I have used my Kreg pocket hole jig for the past six or seven years with a great deal of satisfaction. It was the K3 model, and I have used it to build a lot of projects around the house.
But, there were these items that came with the kit that I wasn’t sure what to do with. They were a steel plate with a keyhole slot in the middle and four countersunk screw holes on the corners. There is also a clamp that came with it, with a bolt that obviously engaged the plate that could be used to hold work pieces down to a table.
But, I wasn’t about to mortise this into my new workbench. Not on your life.
I had to come up with some way to use this. One Saturday, I saw an episode of the American Woodshop featuring Scott Phillips and the idea hit me. I could do what he did!
First, I needed a block of wood. I had a nice piece of Southern Yellow Pine left over from the workbench build, so I was able to cut it to the size I needed and marked out the width of the plate and set it up to dado out a little material to help hold the plate in place.
There, a nice fit. Now, for the next step, I had to head over to the drill press. After all, I had to remove the material just beneath the keyhole slot to allow room for the bolt on the clamp to drop below the surface of the plate. That was easy work with a forstner bit.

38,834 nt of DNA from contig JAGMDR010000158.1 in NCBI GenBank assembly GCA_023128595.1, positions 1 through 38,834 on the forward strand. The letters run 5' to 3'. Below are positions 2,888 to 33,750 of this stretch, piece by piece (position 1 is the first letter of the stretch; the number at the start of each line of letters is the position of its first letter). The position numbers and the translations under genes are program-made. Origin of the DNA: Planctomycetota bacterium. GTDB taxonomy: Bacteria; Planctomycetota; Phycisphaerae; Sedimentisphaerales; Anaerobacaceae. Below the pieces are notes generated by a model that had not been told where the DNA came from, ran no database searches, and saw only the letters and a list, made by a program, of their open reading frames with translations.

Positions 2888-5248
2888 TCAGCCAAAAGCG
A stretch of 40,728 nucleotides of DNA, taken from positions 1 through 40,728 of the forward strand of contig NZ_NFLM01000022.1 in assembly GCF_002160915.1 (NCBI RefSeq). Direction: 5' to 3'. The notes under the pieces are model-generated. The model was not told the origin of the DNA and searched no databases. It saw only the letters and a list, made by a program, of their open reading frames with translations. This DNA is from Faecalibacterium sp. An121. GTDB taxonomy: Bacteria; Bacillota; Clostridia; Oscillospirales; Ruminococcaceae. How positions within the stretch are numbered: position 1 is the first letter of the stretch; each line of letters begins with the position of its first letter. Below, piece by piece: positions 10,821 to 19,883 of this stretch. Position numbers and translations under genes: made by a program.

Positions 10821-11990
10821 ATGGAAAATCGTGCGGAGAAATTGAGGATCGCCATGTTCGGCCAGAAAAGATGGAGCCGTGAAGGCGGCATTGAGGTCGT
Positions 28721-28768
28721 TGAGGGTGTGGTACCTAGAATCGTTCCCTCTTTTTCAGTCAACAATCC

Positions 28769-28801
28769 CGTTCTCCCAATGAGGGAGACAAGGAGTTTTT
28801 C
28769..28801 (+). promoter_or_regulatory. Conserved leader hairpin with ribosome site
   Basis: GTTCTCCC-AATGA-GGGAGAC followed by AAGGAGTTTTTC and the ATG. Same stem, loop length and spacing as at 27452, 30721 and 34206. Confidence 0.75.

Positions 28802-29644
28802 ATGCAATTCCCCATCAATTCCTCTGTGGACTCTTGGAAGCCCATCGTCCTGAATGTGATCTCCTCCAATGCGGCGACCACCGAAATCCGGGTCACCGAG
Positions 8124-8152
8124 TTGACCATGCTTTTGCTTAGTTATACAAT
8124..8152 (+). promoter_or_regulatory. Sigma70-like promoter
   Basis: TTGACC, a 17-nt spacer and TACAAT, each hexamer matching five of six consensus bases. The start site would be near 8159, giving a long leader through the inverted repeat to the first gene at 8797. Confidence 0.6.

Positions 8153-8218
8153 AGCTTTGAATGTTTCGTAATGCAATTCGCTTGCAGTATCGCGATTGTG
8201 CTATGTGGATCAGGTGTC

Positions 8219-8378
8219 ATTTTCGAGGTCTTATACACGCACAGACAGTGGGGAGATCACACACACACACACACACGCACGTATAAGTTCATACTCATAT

To use this clamp setup, it’s an easy matter of clamping the block with the plate on it into the jaws of my vise, slip the bolt on the clamp into the keyhole slot and then secure the work down to the bench.
Sure, it works as a great hold down, but it works even better as a large face clamp for when I assemble face frames with pocket screws.
After using this set up in the shop for a few days, I do have to ask myself why I didn’t think of that!